You’re walking home at night on a deserted road when a woman in a surgical mask approaches. It’s not such a strange thing, as many people in Japan wear masks when they’re feeling under the weather or trying to prevent pollen-induced allergies. She stops.
“Am I pretty?” she asks. She has long, shiny black hair and is wearing a beige coat cinched at the waist.
“Yes,” you say.
And that is when she removes her mask to reveal her mouth slit wide from ear to ear. She smiles. Her teeth are long and crooked and sharp.
“What about now?”
If you answer “no” you’re doomed. If you answer “yes” you’re doomed as well; it just takes a little bit longer. Her method varies from bare hands, to knives, to scissors. No matter the method, the answer “yes” and the answer “no” are to be avoided at all costs.
The kuchisake onna myth has been around for a long time. Indeed some have traced it back to the Heian Era (794-1185). But for a story to last this long it must undergo some changes. It must adapt to the current culture.
My brother-in-law was a little boy in the late seventies. This seems to have been one of the times when the kuchisake onna scare was at its height. Children all over Japan were terrified of this torn-mouth woman and it didn’t take long before people began to report actual sightings.
My husband says he remembers for several months his little brother going out into the garden before school and filling his book bag with rocks. When asked why, he said the kuchisake onna targeted kids coming home from school and it was the only chance he had against her.
You have to remember that in much (if not all) of Japan school buses aren’t used to ferry kids from bus stops to school. Children walk. Even if the school they go to is 30, 40, or 50-minutes away. They all walk. Parents aren’t allowed to drop them off either. So it’s not uncommon at all to see a tiny 6-year old girl with a vinyl backpack strapped on walking to school in near predawn light. Which means that in the winter months these same kids are coming home in the dark. They walk in groups, but as friends reach their own houses they break off and eventually you have little ones walking alone the rest of the way home. This was how it was back in brother-in-law’s day and it’s how it’s done now.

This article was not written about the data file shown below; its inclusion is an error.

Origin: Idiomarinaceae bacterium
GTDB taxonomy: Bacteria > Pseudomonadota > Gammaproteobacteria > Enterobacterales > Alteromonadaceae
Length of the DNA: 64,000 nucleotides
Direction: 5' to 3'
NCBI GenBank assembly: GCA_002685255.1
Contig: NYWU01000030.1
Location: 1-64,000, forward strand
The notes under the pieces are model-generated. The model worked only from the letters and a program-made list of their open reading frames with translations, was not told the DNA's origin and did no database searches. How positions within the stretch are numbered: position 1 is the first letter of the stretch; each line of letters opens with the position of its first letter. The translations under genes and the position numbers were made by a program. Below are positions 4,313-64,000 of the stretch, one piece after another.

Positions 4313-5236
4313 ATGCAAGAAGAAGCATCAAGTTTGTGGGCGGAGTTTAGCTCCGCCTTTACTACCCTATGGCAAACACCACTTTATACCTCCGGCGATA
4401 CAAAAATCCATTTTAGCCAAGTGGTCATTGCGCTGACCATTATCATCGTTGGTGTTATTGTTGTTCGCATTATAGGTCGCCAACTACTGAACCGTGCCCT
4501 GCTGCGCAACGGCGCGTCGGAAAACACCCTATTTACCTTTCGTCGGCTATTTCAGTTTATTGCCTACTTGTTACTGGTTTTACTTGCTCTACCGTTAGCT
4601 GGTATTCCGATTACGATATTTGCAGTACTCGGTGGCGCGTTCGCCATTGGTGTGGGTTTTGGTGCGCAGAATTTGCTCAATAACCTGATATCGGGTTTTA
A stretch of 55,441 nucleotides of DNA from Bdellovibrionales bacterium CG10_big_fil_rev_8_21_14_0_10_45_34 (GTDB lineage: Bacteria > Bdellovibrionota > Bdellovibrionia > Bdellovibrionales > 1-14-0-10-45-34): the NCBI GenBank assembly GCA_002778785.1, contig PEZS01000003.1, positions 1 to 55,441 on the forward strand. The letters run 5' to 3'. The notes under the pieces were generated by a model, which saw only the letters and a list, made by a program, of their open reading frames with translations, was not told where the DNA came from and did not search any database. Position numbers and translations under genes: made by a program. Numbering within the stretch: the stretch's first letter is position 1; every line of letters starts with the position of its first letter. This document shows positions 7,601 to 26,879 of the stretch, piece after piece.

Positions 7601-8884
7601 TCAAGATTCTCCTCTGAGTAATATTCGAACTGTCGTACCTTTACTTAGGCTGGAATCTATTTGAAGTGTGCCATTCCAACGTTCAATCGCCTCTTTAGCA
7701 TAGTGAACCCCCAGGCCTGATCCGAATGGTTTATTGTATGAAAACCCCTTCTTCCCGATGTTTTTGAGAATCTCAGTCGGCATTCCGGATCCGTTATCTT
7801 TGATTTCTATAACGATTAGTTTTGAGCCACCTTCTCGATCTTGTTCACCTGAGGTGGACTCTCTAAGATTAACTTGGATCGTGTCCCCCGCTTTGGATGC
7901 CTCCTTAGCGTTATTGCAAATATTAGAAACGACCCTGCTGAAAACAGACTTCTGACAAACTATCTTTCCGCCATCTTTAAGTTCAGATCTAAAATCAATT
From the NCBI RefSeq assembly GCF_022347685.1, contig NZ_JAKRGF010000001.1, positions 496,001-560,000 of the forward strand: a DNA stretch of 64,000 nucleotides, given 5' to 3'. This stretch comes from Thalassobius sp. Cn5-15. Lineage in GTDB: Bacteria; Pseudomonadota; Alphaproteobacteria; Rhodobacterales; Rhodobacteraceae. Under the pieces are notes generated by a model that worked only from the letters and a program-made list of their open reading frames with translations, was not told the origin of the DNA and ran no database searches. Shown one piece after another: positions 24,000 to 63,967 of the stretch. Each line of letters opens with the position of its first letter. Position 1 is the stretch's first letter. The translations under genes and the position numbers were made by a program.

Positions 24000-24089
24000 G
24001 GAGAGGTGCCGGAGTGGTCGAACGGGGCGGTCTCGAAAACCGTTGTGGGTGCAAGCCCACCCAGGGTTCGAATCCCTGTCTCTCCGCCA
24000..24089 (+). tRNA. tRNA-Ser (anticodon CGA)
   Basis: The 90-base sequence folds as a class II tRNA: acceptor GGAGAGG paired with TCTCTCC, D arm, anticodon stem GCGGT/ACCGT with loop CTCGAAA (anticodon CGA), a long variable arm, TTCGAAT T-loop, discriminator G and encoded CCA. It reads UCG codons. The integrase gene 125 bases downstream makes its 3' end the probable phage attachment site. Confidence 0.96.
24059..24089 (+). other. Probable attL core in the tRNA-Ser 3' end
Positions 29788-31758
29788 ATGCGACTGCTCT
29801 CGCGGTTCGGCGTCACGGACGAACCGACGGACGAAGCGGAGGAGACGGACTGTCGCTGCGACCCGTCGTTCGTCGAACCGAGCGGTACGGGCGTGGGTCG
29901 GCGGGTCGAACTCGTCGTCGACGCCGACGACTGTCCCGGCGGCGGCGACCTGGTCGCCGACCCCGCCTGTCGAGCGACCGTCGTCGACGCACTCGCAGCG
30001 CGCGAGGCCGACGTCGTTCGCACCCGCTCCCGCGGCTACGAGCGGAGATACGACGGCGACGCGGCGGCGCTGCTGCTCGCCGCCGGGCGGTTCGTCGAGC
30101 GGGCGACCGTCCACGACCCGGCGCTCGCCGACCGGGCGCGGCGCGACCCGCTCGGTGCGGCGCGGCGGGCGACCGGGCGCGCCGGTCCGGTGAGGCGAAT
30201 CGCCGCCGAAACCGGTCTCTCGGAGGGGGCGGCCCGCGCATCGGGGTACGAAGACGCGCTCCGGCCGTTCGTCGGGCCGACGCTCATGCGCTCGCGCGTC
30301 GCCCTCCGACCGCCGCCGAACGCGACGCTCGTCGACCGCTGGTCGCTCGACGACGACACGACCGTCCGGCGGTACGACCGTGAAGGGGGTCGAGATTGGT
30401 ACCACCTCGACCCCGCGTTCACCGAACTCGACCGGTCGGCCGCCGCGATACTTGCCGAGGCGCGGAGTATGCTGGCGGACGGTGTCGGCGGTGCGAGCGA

In the seventies it was still popular legend that the kuchisake onna was a revengeful spirit. That she was once a beautiful woman who had cheated on her samurai husband. The samurai in a fit of rage then sliced her from ear to ear laughing and saying, “Who will think you’re beautiful now?”
My son is 15-years old, but when he was younger there was a time when his friends and classmates also kept a watchful eye out for the same kuchisake onna. But the story had changed somewhat.
My son’s version is of a woman and a plastic surgery gone wrong. Very 21st century.
I’ve read things like saying she’s “so-so” or “just regular” are the answers you must give in order to live. But that’s not what my brother-in-law or my son told me.
I asked my brother-in-law if the rocks worked. He said he never had much faith in the rocks, but learned later that if he carried something bright yellow on his person that would scare her away. So in the late 1970s I imagine a whole lot of children were decorated with yellow handkerchiefs and caps, etc.
However, I must admit I like my son’s more recent version of the story better. It seems the surgery gone wrong was for a reason. The doctor who was performing the operation was wearing a lot of pomade on his hair. Too much. He reeked of the hair cream and when he leaned near the woman to make an incision the girl flinched, jerking her head away. The knife caught her mouth and sliced it open.
So the answer to how you escape a 21st Century kuchisake onna is: when she asks you if she’s pretty or not your response should be: “Pomade! Pomade!” This temporarily stuns her and will buy you the extra few seconds you need to escape.